Thoughts on the big win for Boris Johnson in the UK:
According to exit polls, it looks like Boris Johnson has won the UK general election and has won it massively. The early Christmas election was as much a referendum on Brexit as anything else, with Johnson promising to finally get it resolved by the end of the year. And now the UK voters have given him the green light to get it done.
This was the third such election in five years, and the 40,000 polling stations have just closed (at 10pm London time). The 55-year-old Johnson was favoured throughout the six-week campaign. And it really was a Brexit election. Bear in mind the Brexit dates: back in June 2016 a referendum was held in which the people voted 52% to 48% to leave the EU. It still has not been implemented.
The numbers look like this: There are 650 seats in the House of Commons, so 326 seats are needed for a majority. The Conservatives had held 298 seats and now may have 368 – a gain of 70 seats, giving them an 86-seat majority! Margaret Thatcher had over a 100-seat majority in her first election. But this is pretty close to it.
It is a massive victory for Johnson, giving him a clear working majority and a clear mandate to govern. Labour had held 243 seats, and may now hold 191 – a loss of over 50 seats, and their lowest number since 1935. The Liberal Democrats seem to have gone from 21 down to 13. The Greens it appears remain with just 1 seat.
The Scottish National Party seems to have increased its numbers, from 35 to 55 seats, which may lead to more pressure for an independence vote. They will want another referendum on this, but Johnson has already said it is not going to happen.
With non-compulsory voting, a large percentage of the 46 million eligible voters seem to have come out to make it clear that Brexit must be finalised and Labour was just not wanted. Jeremy Corbyn was bad news indeed and deeply unpopular. The hyper-left socialist would have spelled disaster for the UK.
His anti-Semitism was bad enough, and a minority government under his reins would have been very bad indeed for the country and the world. Traditional Labour voters just did not like or trust Corbyn. They knew he did not represent their values. Thus many long-term Labour voters in the Midlands and the north ended up voting for the Conservatives.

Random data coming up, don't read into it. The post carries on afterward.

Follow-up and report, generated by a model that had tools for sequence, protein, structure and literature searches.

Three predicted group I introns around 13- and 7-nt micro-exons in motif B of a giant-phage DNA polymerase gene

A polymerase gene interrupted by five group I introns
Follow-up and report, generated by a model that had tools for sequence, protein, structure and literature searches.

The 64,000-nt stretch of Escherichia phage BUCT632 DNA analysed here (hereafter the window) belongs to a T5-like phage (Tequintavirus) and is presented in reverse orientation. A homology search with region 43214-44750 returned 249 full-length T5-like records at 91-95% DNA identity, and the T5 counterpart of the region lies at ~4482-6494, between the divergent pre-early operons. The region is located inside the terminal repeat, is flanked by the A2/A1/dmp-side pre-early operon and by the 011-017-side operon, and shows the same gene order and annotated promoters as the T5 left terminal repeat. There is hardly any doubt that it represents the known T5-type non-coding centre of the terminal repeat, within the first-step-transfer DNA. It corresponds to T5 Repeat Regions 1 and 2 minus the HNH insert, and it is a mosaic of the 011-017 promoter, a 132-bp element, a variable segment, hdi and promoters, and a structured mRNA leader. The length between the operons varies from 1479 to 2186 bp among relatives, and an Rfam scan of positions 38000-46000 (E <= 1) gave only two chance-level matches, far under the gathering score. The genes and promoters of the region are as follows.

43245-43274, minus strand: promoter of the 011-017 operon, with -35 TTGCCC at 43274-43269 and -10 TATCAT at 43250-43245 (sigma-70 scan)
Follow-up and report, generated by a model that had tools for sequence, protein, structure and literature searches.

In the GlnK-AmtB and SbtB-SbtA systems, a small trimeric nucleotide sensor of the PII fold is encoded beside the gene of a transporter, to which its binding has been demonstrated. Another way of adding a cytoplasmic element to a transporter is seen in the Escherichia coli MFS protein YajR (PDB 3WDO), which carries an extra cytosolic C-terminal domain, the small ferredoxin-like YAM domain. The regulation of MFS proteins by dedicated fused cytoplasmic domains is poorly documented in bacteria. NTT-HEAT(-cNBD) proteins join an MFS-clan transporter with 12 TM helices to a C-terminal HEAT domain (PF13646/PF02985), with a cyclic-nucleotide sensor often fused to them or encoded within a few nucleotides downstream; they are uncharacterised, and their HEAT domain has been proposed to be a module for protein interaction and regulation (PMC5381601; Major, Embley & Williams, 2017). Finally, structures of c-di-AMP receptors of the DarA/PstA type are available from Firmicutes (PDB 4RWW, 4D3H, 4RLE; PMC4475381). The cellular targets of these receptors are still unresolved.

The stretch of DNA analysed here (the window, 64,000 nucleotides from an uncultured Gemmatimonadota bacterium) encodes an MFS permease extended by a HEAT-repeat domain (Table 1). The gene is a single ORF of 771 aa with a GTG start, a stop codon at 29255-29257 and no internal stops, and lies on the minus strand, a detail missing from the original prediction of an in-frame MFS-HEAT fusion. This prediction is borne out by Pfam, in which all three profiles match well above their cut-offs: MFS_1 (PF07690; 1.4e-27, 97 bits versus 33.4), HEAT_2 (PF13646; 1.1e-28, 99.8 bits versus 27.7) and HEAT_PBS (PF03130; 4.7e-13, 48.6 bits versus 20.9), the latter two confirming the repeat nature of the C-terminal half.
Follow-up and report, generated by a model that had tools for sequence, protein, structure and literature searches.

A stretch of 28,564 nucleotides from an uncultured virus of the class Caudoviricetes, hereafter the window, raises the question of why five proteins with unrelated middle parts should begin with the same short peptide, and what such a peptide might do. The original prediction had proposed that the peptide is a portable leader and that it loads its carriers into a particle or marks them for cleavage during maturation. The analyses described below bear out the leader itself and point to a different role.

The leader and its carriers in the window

This is his second loss in a row, and his only choice now will be to resign. The Labour Party needs to have a real rethink of its beliefs, strategies and policies as well. It went way too far to the left with Corbyn. And with the American presidential elections due in a year, the hard left-leaning Democrats may need to pay careful attention here. Yes the UK is different from the US, but Sanders and all the other Democrat leftists ought to take notice.
If the exit polling is correct, the Conservatives won around 46 per cent of the vote, while Labour only got 33 per cent – a 5 ½ percent swing to the Tories. This is a very massive win indeed, and Labour will be licking its wounds for some time to come.
The early voting results in Newcastle and Sunderland – both parts of traditional Labour heartland – saw very significant moves away from Labour and to the Conservatives. Yes, as expected, Labour won both seats, but with massive (10 per cent) swings against them. If this trend continues, it looks like the exit polls were pretty accurate indeed.
Of interest is the issue of Muslim candidates. An earlier article had predicted that as many as 24 Muslims may win seats in this new Parliament. The piece says in part:
The Labour Party has given ticket to 33 Muslim candidates with outright or slim chance of winning. Of these, around 16 look comfortable to win their seats against the Tory opponents, unless there is a big upset on the Election Day. The number of Muslims on Conservative seats will double from just three in 2017 to around six or more on Thursday’s election. The Conservative Party has given tickets to 22 Muslim candidates but only around five are considered to be on safe seats. www.thenews.com.pk/print/581602-record-24-muslim-mps-likely-to-be-elected-to-uk-parliament
As I have written before, Johnson is not quite a consistent conservative. While he will be strong on Brexit, he has not been strong on various conservative cultural values, such as homosexuality. But see my earlier piece for more on this: billmuehlenberg.com/2019/07/24/on-boris-johnson/
But the bigger picture is worth keeping in mind here. In mid-2016 we had the surprise Brexit win, and a half year later the surprise Trump win in the US. Now we have this massive Boris and Brexit win, and next year we may have a massive Trump win for his second term.
In the US, the UK, and Australia, the major parties of the left that at one point could claim to represent the working classes have been moving further and further to the left, alienating many traditional voters, including plenty of workers. In each case the voters have spoken – they are just not keen on this lurch to the left.
Conservatism seems to be on a roll, and the left seems to be on the run. All up, this win is good news for the UK, and good news for the rest of the world.
Note: this article is mainly based on the exit polls. While such polls have been fairly accurate in the past, we await the actual counting of votes. But if this polling is even close to correct, it is a big win indeed for Johnson and the Conservatives, and a major rebuff to Corbyn and Labour. If things do change dramatically in the hours ahead, then of course I will need to make some revisions here.